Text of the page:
Here is the thought experiment. If you took a kilo of radioactive, and thus decaying uranium and left it out in the open for a few days given enough time there would be less mass. It would, instead of being a kilogram, for easy math be 900g. The missing hundred grams will have been the energy evaporating away into space. Okay but if you put that same kilo into a lead box, therefore the emitting energy could not just escape into the universe, and then did let the kilo of uranium do its thing and check on it again in a week or a month from now, it would weigh the same. That’s right! The actual chunk of uranium rock would be a little smaller, but the weight on the scale would be the same because the “missing mass” of rock would still be there as energy. (Particles and wave functions. Etc.)  How does this relate to the lightsaber? Well it is not a flash light, it is a closed system of intense energy. That energy has mass. If their light sabers had a power source that could generate that kind of power, (it is science fiction, so they do,) then that powerful energy blade has the equivalent mass inside, so it would be a little heavy. Possibly the weight of a real Katana or broadsword.

Another fun line of reasoning we can follow to help explain and enjoy JJ’s style of dueling in the new movies and why there was/is so much “force” behind each strike is… Well, they are using energy blades. This means there is no “flat” to the blade or back side. No matter what, a lightsaber has a 360-degree cutting surface. Which means you can be cut by your own sabre if you fail to put up enough resistance when blocking. With a Katana if your opponent over powers you and your own blade comes back on you, it will hurt! But it’s not going to break the skin, cut you, or kill you. The same can’t be said for the lightsaber, which will.  Ergo there is a legitimate argument to simply whack at your Sith enemy as hard as you can, so much so that if he/she fails to put up the correct resistance in the block/parry, their own saber will be their demise.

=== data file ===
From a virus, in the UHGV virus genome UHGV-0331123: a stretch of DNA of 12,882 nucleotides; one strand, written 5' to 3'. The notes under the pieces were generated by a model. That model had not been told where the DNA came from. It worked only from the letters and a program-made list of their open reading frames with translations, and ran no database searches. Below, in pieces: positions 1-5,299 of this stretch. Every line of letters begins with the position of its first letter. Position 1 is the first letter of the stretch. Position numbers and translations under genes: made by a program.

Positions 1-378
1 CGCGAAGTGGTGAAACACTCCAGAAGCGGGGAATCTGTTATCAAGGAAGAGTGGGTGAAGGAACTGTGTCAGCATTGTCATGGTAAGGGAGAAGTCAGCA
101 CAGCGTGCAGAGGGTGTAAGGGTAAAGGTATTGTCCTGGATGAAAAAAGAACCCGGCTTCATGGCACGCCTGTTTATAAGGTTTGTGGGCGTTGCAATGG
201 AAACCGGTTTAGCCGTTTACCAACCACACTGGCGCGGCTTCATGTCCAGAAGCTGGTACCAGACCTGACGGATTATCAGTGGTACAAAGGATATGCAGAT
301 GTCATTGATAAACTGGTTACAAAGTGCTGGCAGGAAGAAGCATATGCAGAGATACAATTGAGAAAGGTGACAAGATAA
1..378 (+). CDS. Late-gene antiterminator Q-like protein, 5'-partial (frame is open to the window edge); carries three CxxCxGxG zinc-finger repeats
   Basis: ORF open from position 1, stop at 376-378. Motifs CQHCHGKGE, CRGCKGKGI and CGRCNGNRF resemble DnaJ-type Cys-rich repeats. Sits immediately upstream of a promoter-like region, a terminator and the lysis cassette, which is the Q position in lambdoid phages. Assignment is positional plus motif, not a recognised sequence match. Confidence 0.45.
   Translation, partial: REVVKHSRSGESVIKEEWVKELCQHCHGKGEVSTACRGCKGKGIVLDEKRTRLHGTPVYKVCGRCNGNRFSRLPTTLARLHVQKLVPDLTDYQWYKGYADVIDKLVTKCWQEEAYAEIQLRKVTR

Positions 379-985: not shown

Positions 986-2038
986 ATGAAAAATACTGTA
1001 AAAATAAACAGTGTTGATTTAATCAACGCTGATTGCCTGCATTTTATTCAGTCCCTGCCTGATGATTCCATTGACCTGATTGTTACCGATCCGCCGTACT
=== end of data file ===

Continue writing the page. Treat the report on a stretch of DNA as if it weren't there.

So, a quick review to justify a saber duel mimicking or looking exactly like a katana or broadsword fight… 1.  Einstein’s equations give credence to there being the feeling of weight to the blade when swung/thrusted.  2. Even without that tad-bit of science. No matter how powerful the energy blade, cutting through anything would require far more effort than simply passing it through air. So, the thicker and harder/denser the object, the more force you’d require to cut through it.  And lastly 3. Hit them hard enough and you could hurt them with their own blade being pushed back on them.

Next, what was the missing argument as it pertains to Luke’s training in the build up to dueling Vader the first time and then going into his second duel. Okay the arguments I liked from the video was that there are real passages of time between each of the original 3 films. So, Luke gets some time with Ben’s force ghost to train after a New Hope ends and before Empire begins. He gets 3 years. That’s a lot of time being fully dedicated to such a craft. Okay after the snow planet incident and almost dying at the Intro. Obi wan tells him to go to the Dagaba system to train with Yoda. So, he goes and trains with the Master of Masters.  The movie doesn’t say how much time passes, but the video I watched estimated a month. Okay so a month of full time immersion with The Master to really hone, sharpen and perfect certain skills might be enough time.  My example is using the Clarinet.  My Mentor was a professional Clarinetist for 20 plus years. He’s good! So good that professional clarinet players come to him for lessons. Not full time, come once a week, every week lessons mind you. They come to play an audition piece. They pay him to be a consultant/coach in that moment. While playing that particular piece, they might be having a hard time with a particular passage, or hitting particular notes. He solves that problem for them. Helps them perform that piece better. Then they are off. Only returning to him when they need his expertise in solving an issue they can’t solve themselves.